• Social impact: The social responsibility of your supply chains, including fair trade and labor.
  • Pricing: Ensuring that the pricing from suppliers is fair and competitive. 
  • Inventory management: How products and materials are stored and handled. 

Types Of Supply Chain Audits

There are many different types of supply chain audits depending on the risks and solutions that the company seeks. These include financial audits, environmental audits, compliance audits, and more. Before you choose a supply chain audit that you want to pursue, you should clearly define the goals of the audit and which actions you will take depending on the results. 

Here are some common types of sustainability supply chain audits.

  • Environmental audit: This will analyze the environmental footprint of your supply chain. A thorough environmental audit will cover things like product life cycle impact, carbon emissions associated with shipping and deliveries, waste generation, facility energy usage, and more.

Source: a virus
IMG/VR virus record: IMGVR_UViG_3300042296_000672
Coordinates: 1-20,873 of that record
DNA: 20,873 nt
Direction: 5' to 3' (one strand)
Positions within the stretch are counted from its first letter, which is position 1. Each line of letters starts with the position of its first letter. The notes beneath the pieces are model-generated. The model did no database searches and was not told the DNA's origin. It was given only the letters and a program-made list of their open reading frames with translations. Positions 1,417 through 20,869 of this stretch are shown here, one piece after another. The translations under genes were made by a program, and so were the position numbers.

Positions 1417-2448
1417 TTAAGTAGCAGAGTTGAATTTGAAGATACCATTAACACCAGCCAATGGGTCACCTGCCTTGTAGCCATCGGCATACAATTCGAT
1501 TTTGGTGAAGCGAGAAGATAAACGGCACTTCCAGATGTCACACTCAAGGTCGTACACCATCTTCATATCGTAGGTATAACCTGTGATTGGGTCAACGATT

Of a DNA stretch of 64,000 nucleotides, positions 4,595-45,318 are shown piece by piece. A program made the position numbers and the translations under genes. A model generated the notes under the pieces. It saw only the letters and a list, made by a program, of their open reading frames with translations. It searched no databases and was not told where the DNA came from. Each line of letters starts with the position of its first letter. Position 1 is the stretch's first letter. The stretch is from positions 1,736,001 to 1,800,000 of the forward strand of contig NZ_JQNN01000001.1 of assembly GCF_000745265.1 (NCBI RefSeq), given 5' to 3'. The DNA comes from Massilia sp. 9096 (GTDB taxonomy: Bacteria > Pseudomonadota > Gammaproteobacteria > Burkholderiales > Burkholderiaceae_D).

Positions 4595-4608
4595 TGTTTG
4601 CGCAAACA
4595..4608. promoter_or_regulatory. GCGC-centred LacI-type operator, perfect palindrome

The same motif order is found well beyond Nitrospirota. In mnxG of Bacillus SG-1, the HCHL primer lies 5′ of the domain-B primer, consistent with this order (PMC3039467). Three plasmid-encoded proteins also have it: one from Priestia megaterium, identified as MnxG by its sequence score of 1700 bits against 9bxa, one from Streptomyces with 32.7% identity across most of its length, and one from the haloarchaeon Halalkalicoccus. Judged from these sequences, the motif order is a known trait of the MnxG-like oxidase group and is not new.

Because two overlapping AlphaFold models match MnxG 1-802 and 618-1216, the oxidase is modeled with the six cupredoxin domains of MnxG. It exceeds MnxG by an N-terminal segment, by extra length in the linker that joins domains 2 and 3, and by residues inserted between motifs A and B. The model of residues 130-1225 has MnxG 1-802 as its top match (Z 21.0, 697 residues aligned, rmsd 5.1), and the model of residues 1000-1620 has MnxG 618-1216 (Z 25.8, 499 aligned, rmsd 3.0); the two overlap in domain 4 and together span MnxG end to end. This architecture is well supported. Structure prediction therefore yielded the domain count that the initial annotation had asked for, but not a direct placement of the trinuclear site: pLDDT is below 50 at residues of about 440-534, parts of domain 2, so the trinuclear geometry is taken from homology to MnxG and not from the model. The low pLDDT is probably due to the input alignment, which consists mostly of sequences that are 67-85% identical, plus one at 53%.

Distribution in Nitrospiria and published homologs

• Fairtrade audit: This analyzes the social responsibility of your suppliers. It’s especially important if your suppliers come from historically problematic sectors, like the coffee trade or diamond trade.
  • Workplace compliance audit: Similar to the Fairtrade audit, this analyzes whether your suppliers are complying with workplace laws to ensure the safety and positive treatment of its workers.
  • CSR audit: This analyzes the Corporate Social Responsibility of your suppliers. This should cover both the environmental impact and the social impact of your supply chain.
product life cycle

Read more: Sustainability vs CSR vs ESG 

How To Conduct A Supply Chain Audit